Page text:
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To change from a monolithic disk to a split disk, you must copy the virtual disk data from the monolithic disk to a new split disk. After copying the data, you must then associate the virtual machine with the new split disk. You may then delete the old monolithic disk.

Prerequisites:

  • Ensure that you know where your virtual disk is stored. To determine this location, go to VM > Settings, click the Hardware tab, and select your hard disk. The disk file is listed at the top, on the right side. If no path is provided, then the virtual disk is in the same directory as the configuration file. This location is shown when you mouse over the virtual machine in the Library, and on the virtual machine’s tab when it is selected.
  • Ensure that the virtual disk being changed does not have any snapshots associated with it. Delete or commit any snapshots before proceeding. For more information, see Working with snapshots (1009402).
  • Ensure that you have enough free disk space to save the new, split disk. The new, split disk takes approximately the same amount of space as the old, monolithic disk.Example: If the original disk is 20GB in size, then the new disk requires an additional 20 GB of free space.The new disk does not have to be stored on the same drive as the old disk.

To copy a monolithic disk into a split disk:

  1. Power off the virtual machine.
  2. Open a command prompt with Administrative privileges. For more information, see Opening a command or shell prompt (1003892).
    Note:

    • In Windows Vista and later, you may have to hold Ctrl+Shift and select Run as administrator.
    • In Linux, enter su after opening the prompt, then enter your password when prompted.
  3. Change to the VMware Workstation program directory. By default, this directory is:
    • Windows XP: \Program Files\VMware\VMware Workstation
    • Windows Vista/7/8, 32-bit: Program Files\VMware\VMware Workstation
    • Windows Vista/7/8/Server 2012, 64-bit: Program Files (x86)\VMware\VMware Workstation
    • Linux: /usr/bin
  4. Run this command to convert the monolithic virtual disk to a split virtual disk:
    vmware-vdiskmanager.exe -r <filepath of original disk> -t 1 <filepath of new disk>

    where-r introduces the original/source disk, which you must supply in full, including the name
    -t introduces the new/target disk, which you must supply in full, including a new name
    1 refers to the virtual disk type

    Note: There are several available disk types:

    • 0: A growable virtual disk contained in a single file (called “monolithic sparse”).
    • 1: A growable virtual disk split into 2GB files (called “split sparse”).
    • 2: A preallocated virtual disk contained in a single file (called “monolithic flat”).
    • 3: A preallocated virtual disk split into 2GB files (called “split flat”).

    For more information, see the Virtual Disk Manager User’s Guide.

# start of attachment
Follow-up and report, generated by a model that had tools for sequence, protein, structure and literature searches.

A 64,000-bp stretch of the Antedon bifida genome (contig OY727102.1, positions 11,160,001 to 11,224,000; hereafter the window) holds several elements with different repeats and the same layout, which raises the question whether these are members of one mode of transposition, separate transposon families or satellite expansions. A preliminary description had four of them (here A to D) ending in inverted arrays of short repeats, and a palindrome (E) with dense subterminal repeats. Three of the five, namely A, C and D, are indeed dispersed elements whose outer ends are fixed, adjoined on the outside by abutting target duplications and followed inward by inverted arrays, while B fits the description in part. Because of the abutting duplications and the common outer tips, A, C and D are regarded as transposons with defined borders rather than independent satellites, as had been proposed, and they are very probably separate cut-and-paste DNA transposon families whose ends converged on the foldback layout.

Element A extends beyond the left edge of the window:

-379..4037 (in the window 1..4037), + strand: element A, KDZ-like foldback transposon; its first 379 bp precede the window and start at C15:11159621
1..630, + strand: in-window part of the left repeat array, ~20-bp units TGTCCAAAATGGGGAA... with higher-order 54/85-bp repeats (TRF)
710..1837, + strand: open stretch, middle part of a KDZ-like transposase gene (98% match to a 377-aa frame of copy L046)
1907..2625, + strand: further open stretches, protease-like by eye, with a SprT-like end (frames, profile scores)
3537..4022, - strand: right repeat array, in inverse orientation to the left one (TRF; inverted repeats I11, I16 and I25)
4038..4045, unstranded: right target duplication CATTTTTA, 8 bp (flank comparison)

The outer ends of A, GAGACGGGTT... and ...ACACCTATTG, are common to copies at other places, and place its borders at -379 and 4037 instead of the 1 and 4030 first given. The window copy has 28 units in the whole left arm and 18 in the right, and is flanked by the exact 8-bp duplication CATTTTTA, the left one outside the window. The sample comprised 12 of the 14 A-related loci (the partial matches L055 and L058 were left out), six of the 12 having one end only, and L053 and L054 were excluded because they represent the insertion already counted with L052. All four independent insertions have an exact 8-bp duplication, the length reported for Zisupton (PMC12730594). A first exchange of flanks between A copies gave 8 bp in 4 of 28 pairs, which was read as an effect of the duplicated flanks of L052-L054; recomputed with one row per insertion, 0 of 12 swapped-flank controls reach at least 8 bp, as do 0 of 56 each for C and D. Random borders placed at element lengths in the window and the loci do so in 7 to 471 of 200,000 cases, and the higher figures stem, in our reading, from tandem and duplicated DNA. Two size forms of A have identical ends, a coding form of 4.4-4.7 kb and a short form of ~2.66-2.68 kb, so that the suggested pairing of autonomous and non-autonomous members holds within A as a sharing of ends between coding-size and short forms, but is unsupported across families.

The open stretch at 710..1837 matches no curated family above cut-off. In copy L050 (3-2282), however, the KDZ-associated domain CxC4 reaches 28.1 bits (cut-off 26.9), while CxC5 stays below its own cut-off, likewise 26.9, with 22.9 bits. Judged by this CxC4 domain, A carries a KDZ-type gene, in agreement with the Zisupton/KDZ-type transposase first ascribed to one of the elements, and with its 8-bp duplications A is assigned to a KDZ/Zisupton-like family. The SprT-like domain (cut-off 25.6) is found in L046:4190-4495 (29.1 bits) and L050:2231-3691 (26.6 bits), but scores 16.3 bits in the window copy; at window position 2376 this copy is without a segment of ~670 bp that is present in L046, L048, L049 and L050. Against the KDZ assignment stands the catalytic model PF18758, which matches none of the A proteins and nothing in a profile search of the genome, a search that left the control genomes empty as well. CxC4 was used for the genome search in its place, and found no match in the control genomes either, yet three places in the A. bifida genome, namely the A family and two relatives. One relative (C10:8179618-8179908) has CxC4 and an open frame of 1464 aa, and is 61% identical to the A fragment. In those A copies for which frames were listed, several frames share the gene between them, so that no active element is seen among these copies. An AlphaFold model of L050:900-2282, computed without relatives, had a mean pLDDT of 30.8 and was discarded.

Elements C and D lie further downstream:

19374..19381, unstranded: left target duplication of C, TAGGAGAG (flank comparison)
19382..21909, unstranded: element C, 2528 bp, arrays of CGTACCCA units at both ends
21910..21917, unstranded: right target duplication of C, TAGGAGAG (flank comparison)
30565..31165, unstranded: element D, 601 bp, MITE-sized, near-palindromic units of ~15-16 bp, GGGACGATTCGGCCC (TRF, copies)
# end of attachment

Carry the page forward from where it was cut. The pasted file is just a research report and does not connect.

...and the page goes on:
Example: This command creates a virtual disk called ubuntu2, in the same directory as the original virtual disk.

    vmware-vdiskmanager –r "C:\Virtual Machines\ubuntu.vmdk" –t 1 "C:\Virtual Machines\ubuntu2.vmdk"

    Note: If the original disk (in our example, ubuntu.vmdk) is more than 2GB in size, this command actually creates multiple.vmdk files, all of whose names begin with the new virtual disk’s name (in our example, ubuntu2). The command creates multiple files because it creates a virtual disk that is split into files that are each no more than 2GB in size. For more information, see the Virtual Machine Files section of Using VMware Workstation.

After creating the new virtual disk, you must configure the virtual machine to use it. For more information, see the Add an Existing Virtual Hard Disk to a Virtual Machine section of Using VMware Workstation.

Source: VMWare

There is a very annoying problem when you install VMware (or VirtualBox) on Vista (and Windows Server 2008 and above). When you install VMware it adds a few virtual network adapters. For various reasons, these adapters are listed in the Network Sharing Center as being on an “Unidentified network (Public network)” and all of the features under Sharing and Discovery are turned off .

Here is the best fix I’ve found in the VMware forum:

  1. Run regedit
  2. Go to HKEY_LOCAL_MACHINE\SYSTEM\CurrentControlSet\Control\Class\{4D36E972-E325-11CE-BFC1-08002BE10318}
  3. Underneath you should see several keys labeled 0000, 0001, 0002 etc… Look through these and find the VMware adapters. They will probably be near the end of the list if you just installed VMware.
  4. For each of the VWware adapters, add a new DWORD value named “*NdisDeviceType” and set it to 1 (make sure you get the * at the beginning of the name, I missed that the first time).
  5. Disable and Enable each of the network adapters.

That should take care of the problem. Setting *NdisDeviceType to 1 causes Windows to ignore the device when it does network identification.

It turns out that the same issue occurs when using other hypervisors (i.e. VirtualBox). The strategy is the same. Find the adapters created by the used hypervisor in the registry key mentioned above and add the *NdisDeviceType DWORD with a value of 1.

Source: Rob Boek